Date & time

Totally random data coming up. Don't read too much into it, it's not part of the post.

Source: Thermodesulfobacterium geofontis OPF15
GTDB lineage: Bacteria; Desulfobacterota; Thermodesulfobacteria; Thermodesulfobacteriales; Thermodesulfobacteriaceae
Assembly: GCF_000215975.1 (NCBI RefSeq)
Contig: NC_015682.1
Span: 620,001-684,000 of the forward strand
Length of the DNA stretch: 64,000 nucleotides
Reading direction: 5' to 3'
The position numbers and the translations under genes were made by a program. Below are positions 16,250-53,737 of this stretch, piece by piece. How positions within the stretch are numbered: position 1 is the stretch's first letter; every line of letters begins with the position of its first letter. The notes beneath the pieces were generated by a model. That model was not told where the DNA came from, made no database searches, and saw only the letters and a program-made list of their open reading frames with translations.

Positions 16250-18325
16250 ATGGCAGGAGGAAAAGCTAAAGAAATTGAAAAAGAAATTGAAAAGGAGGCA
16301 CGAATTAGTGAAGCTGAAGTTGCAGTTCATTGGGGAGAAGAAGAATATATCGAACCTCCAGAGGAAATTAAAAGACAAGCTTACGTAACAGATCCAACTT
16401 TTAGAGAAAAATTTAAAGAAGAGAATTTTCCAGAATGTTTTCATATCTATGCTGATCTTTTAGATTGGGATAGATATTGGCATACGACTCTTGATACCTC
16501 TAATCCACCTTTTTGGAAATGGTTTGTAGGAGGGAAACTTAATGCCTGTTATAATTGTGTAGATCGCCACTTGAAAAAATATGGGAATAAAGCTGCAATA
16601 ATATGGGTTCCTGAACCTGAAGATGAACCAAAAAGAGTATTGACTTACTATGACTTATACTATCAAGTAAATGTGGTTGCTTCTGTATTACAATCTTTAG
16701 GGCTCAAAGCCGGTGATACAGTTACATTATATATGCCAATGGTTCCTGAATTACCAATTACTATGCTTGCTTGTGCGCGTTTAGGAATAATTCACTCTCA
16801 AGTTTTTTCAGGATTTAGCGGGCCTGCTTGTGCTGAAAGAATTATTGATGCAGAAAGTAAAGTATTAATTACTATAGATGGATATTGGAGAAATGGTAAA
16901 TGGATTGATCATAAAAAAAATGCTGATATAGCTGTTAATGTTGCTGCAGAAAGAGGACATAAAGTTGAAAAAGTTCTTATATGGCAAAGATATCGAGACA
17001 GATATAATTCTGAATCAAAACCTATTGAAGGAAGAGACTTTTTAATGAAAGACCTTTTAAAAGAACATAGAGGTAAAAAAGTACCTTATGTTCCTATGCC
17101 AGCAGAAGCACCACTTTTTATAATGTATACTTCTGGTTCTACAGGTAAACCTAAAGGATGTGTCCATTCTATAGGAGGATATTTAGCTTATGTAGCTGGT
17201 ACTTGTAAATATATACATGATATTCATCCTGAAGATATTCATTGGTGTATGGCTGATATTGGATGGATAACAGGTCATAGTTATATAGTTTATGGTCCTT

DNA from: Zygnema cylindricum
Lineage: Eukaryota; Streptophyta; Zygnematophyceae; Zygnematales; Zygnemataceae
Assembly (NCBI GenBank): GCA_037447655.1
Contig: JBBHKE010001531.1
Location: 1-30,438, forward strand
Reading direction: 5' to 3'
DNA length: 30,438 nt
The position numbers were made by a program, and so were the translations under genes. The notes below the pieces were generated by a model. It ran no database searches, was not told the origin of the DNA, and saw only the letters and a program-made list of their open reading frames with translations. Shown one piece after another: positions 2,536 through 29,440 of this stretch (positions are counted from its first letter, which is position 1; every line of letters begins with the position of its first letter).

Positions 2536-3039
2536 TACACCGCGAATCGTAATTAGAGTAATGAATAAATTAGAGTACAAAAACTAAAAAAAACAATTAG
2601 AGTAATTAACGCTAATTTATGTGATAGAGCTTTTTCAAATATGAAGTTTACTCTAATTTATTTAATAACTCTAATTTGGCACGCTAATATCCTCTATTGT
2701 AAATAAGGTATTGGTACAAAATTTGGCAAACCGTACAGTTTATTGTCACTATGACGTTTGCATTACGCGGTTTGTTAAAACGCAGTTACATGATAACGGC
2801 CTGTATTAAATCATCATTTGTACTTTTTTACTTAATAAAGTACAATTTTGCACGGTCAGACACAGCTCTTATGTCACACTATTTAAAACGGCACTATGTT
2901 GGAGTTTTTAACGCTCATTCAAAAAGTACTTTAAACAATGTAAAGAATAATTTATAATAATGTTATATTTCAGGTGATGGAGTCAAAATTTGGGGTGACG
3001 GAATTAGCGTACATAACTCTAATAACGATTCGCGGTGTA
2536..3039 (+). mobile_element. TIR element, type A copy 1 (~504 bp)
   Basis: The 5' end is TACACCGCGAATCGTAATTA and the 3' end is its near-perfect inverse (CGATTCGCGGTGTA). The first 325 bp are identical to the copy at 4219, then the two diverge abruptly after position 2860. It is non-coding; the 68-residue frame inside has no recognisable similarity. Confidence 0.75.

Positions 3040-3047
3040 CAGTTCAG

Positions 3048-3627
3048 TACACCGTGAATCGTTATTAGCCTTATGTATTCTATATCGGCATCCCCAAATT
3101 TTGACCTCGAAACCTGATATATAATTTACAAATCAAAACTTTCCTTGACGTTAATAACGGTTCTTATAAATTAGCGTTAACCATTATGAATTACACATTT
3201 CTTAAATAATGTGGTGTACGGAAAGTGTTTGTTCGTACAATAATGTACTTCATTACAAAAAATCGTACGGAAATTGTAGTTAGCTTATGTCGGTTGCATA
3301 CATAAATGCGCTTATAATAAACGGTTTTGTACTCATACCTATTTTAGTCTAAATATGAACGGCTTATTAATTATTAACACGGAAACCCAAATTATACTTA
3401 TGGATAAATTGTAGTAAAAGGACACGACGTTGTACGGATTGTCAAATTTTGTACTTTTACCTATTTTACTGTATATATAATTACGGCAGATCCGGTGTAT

During the late 1900s Indonesia resettled 300,000 farmers to the restive province of West Papua, transforming its demographic composition. Such resettlement, or ‘transmigration’, was limited until the mid-1980s, and restricted to only certain areas of West Papua. What accounts for the incidence of transmigration? Using a panel of all transmigration, ethnic cleansing and demographic change data in each regency of West Papua during 1964-2000 compiled from confidential government sources, I show that, after an aborted Papuan uprising in 1984, Indonesia cleansed and settled its border with Papua New Guinea to forestall cross-border insurgent activity. I then show that after the Grasberg gold mine was opened in 1990 Indonesia cleansed and settled the area around the mine. This paper provides the strongest evidence yet that transmigration has been strategically used by Jakarta to defeat secessionist insurgents and to secure control over Papua’s rich resource base. I draw out the implications for our understanding of settler colonialism more generally.